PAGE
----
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18 May 2023 - Case of the Month #527

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Thanks to Dr. Raul Gonzalez, Emory University School of Medicine, Atlanta, Georgia, USA for contributing this case and discussion and to Dr. Naziheh Assarzadegan, University of Florida, Gainesville, Florida, USA for reviewing the discussion.

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Case of the Month #527

Clinical history:
A 45 year old man presents to a gastroenterologist complaining of constipation and rectal bleeding. A single ulcerated rectal lesion is found on colonoscopy and is biopsied.

Histopathology images:

What is your diagnosis?

Click here for diagnosis, test question and discussion:

Diagnosis: Solitary rectal ulcer syndrome

Test question (answer at the end):
Which of the following is true about solitary rectal ulcer syndrome?

A. Patients demonstrate typical associated systemic symptoms
B. Prolapse of intestinal mucosa is specific to this disease entity
C. Roughly 30% of patients have multiple lesions
D. The diagnosis cannot be made without microscopic ulceration

Solitary rectal ulcer syndrome is the name given to the uncommon finding of locally prolapsed mucosa in the anterior rectum, which can lead to ulceration. Patients are most often in the fourth or fifth decade of life; pediatric involvement was originally considered uncommon but is increasingly being reported (J Pediatr Gastroenterol Nutr 2020;71:29). It is generally believed that the process occurs in patients who strain during defecation and many also have pelvic floor disorders (World J Gastroenterol 2014;20:738). While the finding is often solitary / unifocal, ~30% of patients are reported to have multiple lesions (BMC Gastroenterol 2012;12:72). Additionally, calling the process a "syndrome" is somewhat tenuous; patients often have a history of constipation and can experience rectal bleeding and pain upon defecation but do not experience other local or systemic symptoms. The mainstay of treatment is patient education and change in diet, though resection may be necessary in some cases (World J Gastroenterol 2014;20:738).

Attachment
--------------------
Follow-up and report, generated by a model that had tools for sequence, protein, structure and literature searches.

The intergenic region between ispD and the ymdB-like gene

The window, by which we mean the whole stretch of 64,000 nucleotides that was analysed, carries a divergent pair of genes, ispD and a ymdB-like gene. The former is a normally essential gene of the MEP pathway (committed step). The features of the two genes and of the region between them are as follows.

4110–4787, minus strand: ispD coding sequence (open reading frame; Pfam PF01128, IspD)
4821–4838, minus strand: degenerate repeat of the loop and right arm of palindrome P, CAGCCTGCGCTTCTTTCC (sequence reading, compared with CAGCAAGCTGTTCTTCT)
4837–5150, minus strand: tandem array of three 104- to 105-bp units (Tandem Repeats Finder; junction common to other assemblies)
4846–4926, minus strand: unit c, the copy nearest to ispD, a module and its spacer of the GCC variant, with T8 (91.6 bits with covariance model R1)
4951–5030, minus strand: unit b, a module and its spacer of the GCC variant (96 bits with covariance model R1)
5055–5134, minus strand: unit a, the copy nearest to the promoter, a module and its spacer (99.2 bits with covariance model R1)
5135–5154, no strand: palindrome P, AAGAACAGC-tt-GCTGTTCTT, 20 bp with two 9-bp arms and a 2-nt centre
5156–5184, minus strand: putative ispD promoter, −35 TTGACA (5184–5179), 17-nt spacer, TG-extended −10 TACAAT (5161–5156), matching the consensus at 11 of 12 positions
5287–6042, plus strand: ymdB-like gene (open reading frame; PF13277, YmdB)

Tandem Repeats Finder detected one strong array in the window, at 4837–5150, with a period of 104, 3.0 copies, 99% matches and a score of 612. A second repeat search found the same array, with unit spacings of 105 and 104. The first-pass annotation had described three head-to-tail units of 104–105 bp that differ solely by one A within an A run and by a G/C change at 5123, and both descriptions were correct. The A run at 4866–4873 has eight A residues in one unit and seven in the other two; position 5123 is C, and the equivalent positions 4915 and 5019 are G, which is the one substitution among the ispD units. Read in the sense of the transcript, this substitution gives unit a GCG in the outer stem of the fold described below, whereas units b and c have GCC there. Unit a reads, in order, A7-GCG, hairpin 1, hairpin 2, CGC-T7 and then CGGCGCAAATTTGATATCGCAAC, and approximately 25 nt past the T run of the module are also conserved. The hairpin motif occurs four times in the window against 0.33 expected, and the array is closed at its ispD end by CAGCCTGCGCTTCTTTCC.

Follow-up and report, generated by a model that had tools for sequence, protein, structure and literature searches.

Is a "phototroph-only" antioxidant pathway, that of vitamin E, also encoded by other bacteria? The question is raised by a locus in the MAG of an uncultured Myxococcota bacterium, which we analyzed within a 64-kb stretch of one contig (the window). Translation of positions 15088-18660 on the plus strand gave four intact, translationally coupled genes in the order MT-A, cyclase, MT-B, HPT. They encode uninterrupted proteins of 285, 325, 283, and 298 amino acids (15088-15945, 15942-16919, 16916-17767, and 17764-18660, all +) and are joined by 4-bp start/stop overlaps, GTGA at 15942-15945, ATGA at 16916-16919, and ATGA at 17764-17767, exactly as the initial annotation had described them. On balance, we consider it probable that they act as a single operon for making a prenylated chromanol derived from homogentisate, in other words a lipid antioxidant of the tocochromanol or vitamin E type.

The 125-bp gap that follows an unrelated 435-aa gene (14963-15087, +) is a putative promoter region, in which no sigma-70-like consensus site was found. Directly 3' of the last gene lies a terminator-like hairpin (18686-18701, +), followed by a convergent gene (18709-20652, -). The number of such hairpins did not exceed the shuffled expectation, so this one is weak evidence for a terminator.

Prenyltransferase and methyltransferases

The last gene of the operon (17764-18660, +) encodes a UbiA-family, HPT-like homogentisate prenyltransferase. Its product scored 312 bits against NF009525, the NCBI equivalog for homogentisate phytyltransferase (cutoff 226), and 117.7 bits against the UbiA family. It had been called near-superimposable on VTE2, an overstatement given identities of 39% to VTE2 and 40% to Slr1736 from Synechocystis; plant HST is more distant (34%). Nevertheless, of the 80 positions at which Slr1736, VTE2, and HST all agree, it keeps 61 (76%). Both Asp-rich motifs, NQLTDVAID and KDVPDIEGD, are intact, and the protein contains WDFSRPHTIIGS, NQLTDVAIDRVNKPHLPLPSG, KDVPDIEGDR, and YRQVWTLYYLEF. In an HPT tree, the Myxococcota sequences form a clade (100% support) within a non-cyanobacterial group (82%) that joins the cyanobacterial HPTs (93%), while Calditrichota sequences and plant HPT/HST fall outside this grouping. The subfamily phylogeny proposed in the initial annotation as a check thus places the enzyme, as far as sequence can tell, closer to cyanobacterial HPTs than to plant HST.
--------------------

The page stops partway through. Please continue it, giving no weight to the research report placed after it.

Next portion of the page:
Histologically, solitary rectal ulcer syndrome generally displays prolapse type features, including vertical wisps of smooth muscle in the lamina propria and reactive, diamond shaped colonic crypts. Ulceration with associated inflammation may be present but is not always seen and is not a mandatory finding (BMC Gastroenterol 2012;12:72). Other potential findings include reactive epithelial changes, villiform arrangement of the superficial mucosa, vascular dilation / congestion and subepithelial collagen thickening. Similar changes can occur elsewhere in the gastrointestinal tract where prolapse occurs, such as in distal colonic prolapse type polyps and in the mucosa overlying diverticular disease.

Test question answer:
C. Roughly 30% of patients have multiple lesions. Despite the name, "solitary rectal ulcer syndrome" is not always a solitary finding. Approximately 30% of patients will demonstrate multiple rectal ulcers on colonoscopy. Answer A is incorrect because solitary rectal ulcer syndrome is not a systemic syndrome, meaning patients will not have associated systemic symptoms. Answer B is incorrect because prolapse of intestinal mucosa can be seen histologically in other diseases, such as diverticulosis. Answer D is incorrect because microscopic ulceration is often but not always encountered, meaning it is not required to establish the diagnosis.

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